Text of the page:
Focus Fanatics Forum banner

1 - 6 of 6 Posts

·
Registered
Joined
·
93 Posts
Discussion Starter #1
Several months ago, I hit a pothole a huge pot hole hard enough to throw the alignment off and move the strut a 1/2" or so in relation to the knuckle (perhaps the pinch bolt wasn't tight enough).

I had the car aligned, and all was well for a while, except the alignment drifted off again after several weeks. The steering wheel had to be slightly turned to travel straight.

Had the car aligned again, at a Ford SVT dealer no less, and once again, several weeks later the steering wheel is out of position. Clearly something with the passenger side front suspension is still amiss from slamming into the pothole, but before I start replacing parts, I wondered if anyone had suggestions of where to begin?
 

·
Registered
Joined
·
1,543 Posts
The techs that did the alignment should have (and probably did) check for worn or broken steering and suspension components. Which way does the car pull? If the wheel knuckle were knocked back by the impact (making the strut more vertical from the lower knuckle mount to top strut mount), it would reduce caster and reduce that wheels tendency to track straight. Conventional wisdom is if other alignment angles are equal a car will pull to the side with less positive caster.

Do you have a printout of the last alignment angles you could scan and show here? If the caster angles are not close to equal it could cause tracking problems.

Geezer (a guy here, hopefully he'll chime in) is kind of an alignment and suspension guru and has a more detailed explanation of this, but you can check for wheel bearing and tie rod free play by jacking up the front end of the car (steering wheel locked) and grabbing both sides of the tire (3 and 9 o'clock) try to turn the wheel back and forth. If there is excessive slop or movement in this direction it could indicate a bad tie rod or other steering linkage. If you grasp the tire at the top and bottom and try to tilt it in and out, excessive movement would indicate a loose wheel bearing in the steering knuckle. You should not really be able to move the wheel more than a hair in either direction. This is just something you can check yourself to detect obvious problems, but like I said the alignment people would have done this as a matter of routine so I doubt you'll find an obvious problem this way.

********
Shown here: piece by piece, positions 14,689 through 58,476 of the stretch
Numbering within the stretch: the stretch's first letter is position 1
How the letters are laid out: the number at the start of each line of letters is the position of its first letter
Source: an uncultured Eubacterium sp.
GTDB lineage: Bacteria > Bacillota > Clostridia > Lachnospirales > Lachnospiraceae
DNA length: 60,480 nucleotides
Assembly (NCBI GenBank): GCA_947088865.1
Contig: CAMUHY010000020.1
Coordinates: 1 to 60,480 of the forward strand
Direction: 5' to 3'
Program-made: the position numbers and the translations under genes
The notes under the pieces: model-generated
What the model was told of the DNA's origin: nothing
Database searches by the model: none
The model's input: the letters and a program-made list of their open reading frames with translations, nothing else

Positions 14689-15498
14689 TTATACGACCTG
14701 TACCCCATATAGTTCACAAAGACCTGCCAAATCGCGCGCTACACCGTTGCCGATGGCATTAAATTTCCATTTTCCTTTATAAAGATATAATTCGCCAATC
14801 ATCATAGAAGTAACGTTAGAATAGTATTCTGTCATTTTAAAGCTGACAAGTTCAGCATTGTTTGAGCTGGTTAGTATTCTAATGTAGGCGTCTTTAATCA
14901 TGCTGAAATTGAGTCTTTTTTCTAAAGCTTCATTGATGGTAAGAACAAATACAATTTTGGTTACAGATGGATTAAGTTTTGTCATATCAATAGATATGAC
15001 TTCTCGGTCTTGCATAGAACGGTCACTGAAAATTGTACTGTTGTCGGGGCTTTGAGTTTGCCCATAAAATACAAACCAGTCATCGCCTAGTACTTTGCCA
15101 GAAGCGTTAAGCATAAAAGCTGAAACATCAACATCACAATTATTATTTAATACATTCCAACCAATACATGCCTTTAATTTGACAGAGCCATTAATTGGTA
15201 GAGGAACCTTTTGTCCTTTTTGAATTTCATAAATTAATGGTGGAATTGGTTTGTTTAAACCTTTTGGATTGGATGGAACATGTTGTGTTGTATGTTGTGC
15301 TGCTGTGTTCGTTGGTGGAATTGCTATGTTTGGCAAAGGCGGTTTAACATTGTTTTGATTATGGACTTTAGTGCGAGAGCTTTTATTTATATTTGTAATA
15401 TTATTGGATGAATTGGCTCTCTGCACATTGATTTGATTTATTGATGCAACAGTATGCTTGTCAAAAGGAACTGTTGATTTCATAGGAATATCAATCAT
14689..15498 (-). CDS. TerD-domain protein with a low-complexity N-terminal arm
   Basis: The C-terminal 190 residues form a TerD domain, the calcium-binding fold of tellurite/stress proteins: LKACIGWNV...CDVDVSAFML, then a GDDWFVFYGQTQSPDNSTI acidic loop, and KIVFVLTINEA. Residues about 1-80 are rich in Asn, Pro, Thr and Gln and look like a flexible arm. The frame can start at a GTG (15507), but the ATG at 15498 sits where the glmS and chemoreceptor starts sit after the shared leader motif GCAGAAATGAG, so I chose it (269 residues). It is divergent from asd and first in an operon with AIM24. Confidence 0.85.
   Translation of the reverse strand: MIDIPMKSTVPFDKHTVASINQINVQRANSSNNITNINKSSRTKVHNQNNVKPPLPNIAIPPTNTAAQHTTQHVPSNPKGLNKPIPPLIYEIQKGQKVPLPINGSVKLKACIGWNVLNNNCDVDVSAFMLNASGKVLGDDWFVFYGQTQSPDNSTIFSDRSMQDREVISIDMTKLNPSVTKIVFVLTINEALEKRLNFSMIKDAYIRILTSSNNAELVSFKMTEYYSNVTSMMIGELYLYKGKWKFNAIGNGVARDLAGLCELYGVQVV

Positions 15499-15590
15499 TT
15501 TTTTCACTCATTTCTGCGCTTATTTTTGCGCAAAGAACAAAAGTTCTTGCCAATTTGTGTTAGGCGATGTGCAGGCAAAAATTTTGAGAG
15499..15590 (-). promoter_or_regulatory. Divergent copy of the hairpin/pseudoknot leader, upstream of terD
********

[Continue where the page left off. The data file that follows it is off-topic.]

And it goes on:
Caster is not really designed to be an adjustable angle on any car I know of, so hopefully it's fairly equal side to side.
 

·
Registered
Joined
·
8,023 Posts
Not holding alignment is an indication of a damaged part. What alignment spec is it not holding? If its toe I'd check the control arm (and the ball joint) first, followed by the tie rod (check for stripped threads as well as straightness). If its both camber and toe I'd check for a bend strut as well.
 

·
Registered
Joined
·
93 Posts
Discussion Starter #4 (Edited)
Updates:

I dug out the alignment specs, and will post them below. I also just noticed that the front passenger side wheel (the damaged side) sits noticably inward of the fender than the driver side. I've attached a side by side photo below.

When I jacked the car up, there was zero side to play when grabbing the wheel at both 9 and 3 or 12 and 6.

Here are the alignment specs:

Toe is measured in inches.

And pictures of the wheel:

(note steering wheel may not be perfectly straight)

To summarize: the wheel isn't sitting correctly in the fender and the toe has drifted out a 1/4" on the passenger side between alignments. Would this indicate a bent strut, tie rod or control arm, or some combination of the above?
 

·
Registered
Joined
·
8,023 Posts
When comparing the final settings of the first alignment with the initial settings of the 2nd alignment I see three major changes. The first is that the left side "increased" in negative camber by almost a "full degree". The right side "decreased" by -.66 degree and as you mentioned the right toe-in increased by .26 (inches or degrees? ....not specified in the chart). I have to apologize as I don't know what conclusion to definitively arrive at. I was hoping it would be limited to one side. The disturbing issue/question is why did the left side camber changed so much? I would have also expected the camber to increase on the side that took the hit but that didn't happen as it actually decreased.
 

·
Registered
Joined
·
93 Posts
Discussion Starter #6
Thanks for the help Geezer, however, I realized I messed up my little chart. Left side camber changed very little, right side camber was initially at -2.5 degrees when I brought the car in for the second alignment, as evidenced by the photos of the wheel looking "pushed in" in the wheel well.

I've since corrected the chart.

Toe was measured in inches in the chart.
 
1 - 6 of 6 Posts
Top